Last year, the PR Committee interviewed prominent young ESO members in a well received monthly series featured in the newsletter. In 2019, by request, the PR Committee will interview an ESO Fellow (FESO) to feature in the newsletter each month.
To qualify as an FESO, members must demonstrate scientific quality and a willingness to actively volunter in ESO. There are no age requirements, but FESO must meet minimum standards. FESO receive additioanl benefits, including participation in the Council of Fellows. Visit our website for more infomraiton on how to distinguish yourself as a FESO.
We hope you will enjoy getting to know the Fellows who participate in the 2019 interview series and thank them in advance for taking the time to share with our readers.
To kick off this series, we have Alastair Webb, University of Oxford, UK. Alastair has served as a speaker at ESO Conferences and an active member and former Chair of several ESO committees. Currently he is a member of the Conference Planning Group (CPG), the PR Committee, Education Committee and the Scientific Abstract Grading Subcommittee.
What are your main fields of interest in stroke medicine and research?
I am interested in the interaction between the changes in blood pressure, cardiovascular physiology and cerebral blood flow, aiming to identify novel factors that increase the risk of acute stroke, chronic cerebrovascular injury and resulting cognitive impairment in order to develop new treatment approaches. My work is grounded in epidemiology, particularly the risk relationships between cardiovascular physiology and stroke outcomes in large patient cohorts, including measures such as blood pressure variability, arterial stiffness, arterial pulsatility and cerebral autoregulation. It has subsequently developed into more detailed studies of cardiovascular physiology, analyses of brain imaging and the development of early clinical trials to test potential interventions. Ultimately, the aim is to carry out larger clinical trials to develop new treatments to prevent stroke and chronic cerebrovascular injury.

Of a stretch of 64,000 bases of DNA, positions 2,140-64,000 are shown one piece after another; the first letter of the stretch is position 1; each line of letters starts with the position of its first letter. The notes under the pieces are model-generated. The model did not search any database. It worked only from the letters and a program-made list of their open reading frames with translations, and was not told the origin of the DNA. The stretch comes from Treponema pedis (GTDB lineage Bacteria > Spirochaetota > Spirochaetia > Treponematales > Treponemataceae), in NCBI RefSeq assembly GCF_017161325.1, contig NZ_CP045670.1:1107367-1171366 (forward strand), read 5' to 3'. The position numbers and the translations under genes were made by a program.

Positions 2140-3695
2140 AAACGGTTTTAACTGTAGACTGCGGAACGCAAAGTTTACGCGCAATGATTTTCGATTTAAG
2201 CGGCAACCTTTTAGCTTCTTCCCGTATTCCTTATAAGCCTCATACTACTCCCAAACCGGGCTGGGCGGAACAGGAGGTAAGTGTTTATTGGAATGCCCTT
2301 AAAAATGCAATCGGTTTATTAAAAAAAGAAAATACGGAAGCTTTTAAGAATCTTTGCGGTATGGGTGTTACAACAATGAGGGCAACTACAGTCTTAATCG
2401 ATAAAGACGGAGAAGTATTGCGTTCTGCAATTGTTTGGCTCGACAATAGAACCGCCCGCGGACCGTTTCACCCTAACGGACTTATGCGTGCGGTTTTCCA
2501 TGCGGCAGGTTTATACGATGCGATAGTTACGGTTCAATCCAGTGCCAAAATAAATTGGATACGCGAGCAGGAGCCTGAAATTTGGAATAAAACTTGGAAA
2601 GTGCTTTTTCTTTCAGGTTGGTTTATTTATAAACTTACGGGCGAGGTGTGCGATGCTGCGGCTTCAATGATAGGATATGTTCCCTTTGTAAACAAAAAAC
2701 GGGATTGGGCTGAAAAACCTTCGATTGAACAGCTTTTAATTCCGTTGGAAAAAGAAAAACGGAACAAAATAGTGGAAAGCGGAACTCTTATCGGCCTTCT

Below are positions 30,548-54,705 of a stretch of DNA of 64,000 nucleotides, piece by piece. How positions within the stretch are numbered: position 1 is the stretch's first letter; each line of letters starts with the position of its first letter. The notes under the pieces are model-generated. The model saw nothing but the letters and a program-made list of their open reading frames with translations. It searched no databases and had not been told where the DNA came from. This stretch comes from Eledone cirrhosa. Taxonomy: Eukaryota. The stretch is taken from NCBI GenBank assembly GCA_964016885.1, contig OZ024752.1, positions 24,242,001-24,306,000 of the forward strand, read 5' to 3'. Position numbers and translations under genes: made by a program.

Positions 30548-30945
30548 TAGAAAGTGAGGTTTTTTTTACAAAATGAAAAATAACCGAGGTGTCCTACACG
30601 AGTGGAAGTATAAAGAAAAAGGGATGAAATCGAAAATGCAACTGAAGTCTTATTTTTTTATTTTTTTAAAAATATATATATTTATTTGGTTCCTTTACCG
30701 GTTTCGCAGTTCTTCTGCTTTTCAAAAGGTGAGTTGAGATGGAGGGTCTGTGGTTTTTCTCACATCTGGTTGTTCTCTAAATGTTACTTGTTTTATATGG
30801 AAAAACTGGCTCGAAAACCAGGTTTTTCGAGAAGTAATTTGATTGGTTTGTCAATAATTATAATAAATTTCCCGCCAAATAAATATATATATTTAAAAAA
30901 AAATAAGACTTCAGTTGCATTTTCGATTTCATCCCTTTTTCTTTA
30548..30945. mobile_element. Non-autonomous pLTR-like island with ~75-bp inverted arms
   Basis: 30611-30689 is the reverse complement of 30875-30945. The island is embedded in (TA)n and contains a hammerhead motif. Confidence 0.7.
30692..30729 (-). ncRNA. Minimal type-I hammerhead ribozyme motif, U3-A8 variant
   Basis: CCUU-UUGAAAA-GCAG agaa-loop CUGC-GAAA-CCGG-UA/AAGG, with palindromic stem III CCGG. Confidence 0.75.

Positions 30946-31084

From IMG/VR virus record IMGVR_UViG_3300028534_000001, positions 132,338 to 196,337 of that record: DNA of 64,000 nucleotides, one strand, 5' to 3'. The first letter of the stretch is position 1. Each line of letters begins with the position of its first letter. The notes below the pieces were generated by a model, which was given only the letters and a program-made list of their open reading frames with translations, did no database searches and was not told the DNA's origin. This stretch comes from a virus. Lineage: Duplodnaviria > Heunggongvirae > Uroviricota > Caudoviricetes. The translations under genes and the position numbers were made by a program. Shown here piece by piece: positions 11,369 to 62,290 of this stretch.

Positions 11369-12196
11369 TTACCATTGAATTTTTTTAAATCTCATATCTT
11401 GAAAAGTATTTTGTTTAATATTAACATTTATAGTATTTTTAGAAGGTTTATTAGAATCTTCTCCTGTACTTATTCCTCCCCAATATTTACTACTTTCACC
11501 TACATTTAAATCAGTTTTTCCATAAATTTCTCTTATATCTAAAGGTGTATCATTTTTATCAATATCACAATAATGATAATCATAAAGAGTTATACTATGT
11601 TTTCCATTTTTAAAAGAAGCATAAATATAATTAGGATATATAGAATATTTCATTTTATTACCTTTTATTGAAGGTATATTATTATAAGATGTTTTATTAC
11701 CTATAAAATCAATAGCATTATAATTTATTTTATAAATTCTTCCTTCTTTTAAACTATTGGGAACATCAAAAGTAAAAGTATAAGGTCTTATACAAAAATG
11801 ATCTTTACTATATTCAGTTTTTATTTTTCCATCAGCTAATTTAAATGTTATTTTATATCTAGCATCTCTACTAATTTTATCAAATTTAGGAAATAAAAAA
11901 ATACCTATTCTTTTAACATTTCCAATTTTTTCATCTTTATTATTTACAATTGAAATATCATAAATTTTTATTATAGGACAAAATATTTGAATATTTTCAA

What is the role of ESO in facilitating and promoting the projects you are coordinating or where you are involved?
A vital first step in any research program is understanding what current practice is and any novel treatment approaches therefore only make sense when developed in parallel with strategic approaches to do the simple things well and to maximize the benefits from established treatments. ESO is vital to achieve this at a European level through its support for efforts such as the ESO/SAFE Survey of Secondary Prevention in Europe, the European Brain Council Value of Treatment Initiative and particularly the European Stroke Action Plan, initiatives I have been involved in. Looking forwards, developing a successful program of trials to bring new treatment strategies to clinical practice requires collaboration across centres and ESO is critical to support the establishment of research networks and as the principal forum for promoting successful research and bringing it to clinical practice.
What do you expect from ESO in the future to support research?
The greatest contribution of ESO in the past few years has been the tremendous success of the ESO Conference (ESOC) and so the ongoing development of the conference’s profile is vital. ESO also provides an infrastructure for building research collaborations and facilitating exchange of personnel between centres, especially at the early career stage (i.e. Department to Department Visit Programme). Finally, ESO provides a coordinated voice for the stroke community in Europe, which can magnify our impact at the political level to help prioritise political interventions to improve stroke care and provision of funding for research, and a focus on this role will be increasingly important.
How do you match clinical and research activity in your daily routine?
I am fortunate to be supported by a research fellowship that provides financial support and the time to focus on research but also allows for clinical work as well. This enables me to devote sufficient time to my research whilst maintaining my clinical skills in neurology and acute stroke. This is manageable by carefully segregating any non-research related clinical work from my research time, but integrating clinical work related to my research within my research program. Although this works well most of the time, inevitably clinical responsibilities still impact on my research time, whilst a lot of research still has to happen outside of normal clinical hours.